Capturing that vision in mind, the story unfolds from the tips of the writer’s fingers into printed word. It dances in front of the reader and dazzles him until the story ends. This thought came to mind after listening to various speakers at a writers conference.
For those of you that like to write mysteries or are thinking of writing one, you might like this information. A panel of agents and editors broached the subject, what is the difference between a mystery, thriller, and a horror novel.
Mystery has a puzzle and clues to follow. It’s usually not terrifying, has a broad crime or a murder.
A thriller or suspense: existence of hope, heightening of suspense, the unknowing, doesn’t need to be a murder to justify action, revelations through the story. specific pacing involved. Serial killers in a story are expected to be a thriller.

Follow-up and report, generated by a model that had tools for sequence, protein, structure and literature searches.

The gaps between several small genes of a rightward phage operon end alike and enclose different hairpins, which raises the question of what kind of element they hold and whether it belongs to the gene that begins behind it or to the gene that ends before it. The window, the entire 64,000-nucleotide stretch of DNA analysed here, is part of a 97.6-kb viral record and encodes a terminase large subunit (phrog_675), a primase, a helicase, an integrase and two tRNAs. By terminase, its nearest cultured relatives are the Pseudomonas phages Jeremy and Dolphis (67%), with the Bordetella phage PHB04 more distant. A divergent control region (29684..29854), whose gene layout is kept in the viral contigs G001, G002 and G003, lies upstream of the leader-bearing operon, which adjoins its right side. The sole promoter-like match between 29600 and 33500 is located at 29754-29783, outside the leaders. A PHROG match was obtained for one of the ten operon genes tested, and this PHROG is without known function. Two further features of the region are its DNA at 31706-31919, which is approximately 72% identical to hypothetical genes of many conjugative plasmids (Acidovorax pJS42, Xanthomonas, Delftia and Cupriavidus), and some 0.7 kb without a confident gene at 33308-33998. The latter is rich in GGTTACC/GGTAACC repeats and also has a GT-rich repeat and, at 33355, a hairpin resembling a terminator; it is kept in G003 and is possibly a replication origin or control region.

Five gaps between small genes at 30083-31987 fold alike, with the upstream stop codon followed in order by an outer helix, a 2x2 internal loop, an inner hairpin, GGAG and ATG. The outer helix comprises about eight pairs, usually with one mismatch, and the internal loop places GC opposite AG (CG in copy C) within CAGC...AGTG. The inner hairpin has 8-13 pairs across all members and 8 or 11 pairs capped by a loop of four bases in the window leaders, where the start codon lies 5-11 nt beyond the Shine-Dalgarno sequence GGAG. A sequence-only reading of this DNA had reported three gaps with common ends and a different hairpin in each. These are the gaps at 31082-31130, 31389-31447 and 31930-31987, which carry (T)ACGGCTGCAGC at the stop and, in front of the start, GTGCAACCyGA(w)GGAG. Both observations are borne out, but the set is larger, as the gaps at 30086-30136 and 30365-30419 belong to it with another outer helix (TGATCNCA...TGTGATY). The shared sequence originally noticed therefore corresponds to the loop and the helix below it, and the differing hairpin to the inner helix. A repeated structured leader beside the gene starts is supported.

Horror: something awful happened, worst feeling, exploits fear, darkness within.
Thrillers are plot driven. They kick start with conflict and the stakes are raised frequently. In a horror, something about the story sticks with you.
Editor, Jenny Chen recommends mysteries should be written in third person, instead of first person, so the story doesn’t drag. It gives a window for the reader to understand the mystery.
I hope this helped some of you. Happy writing.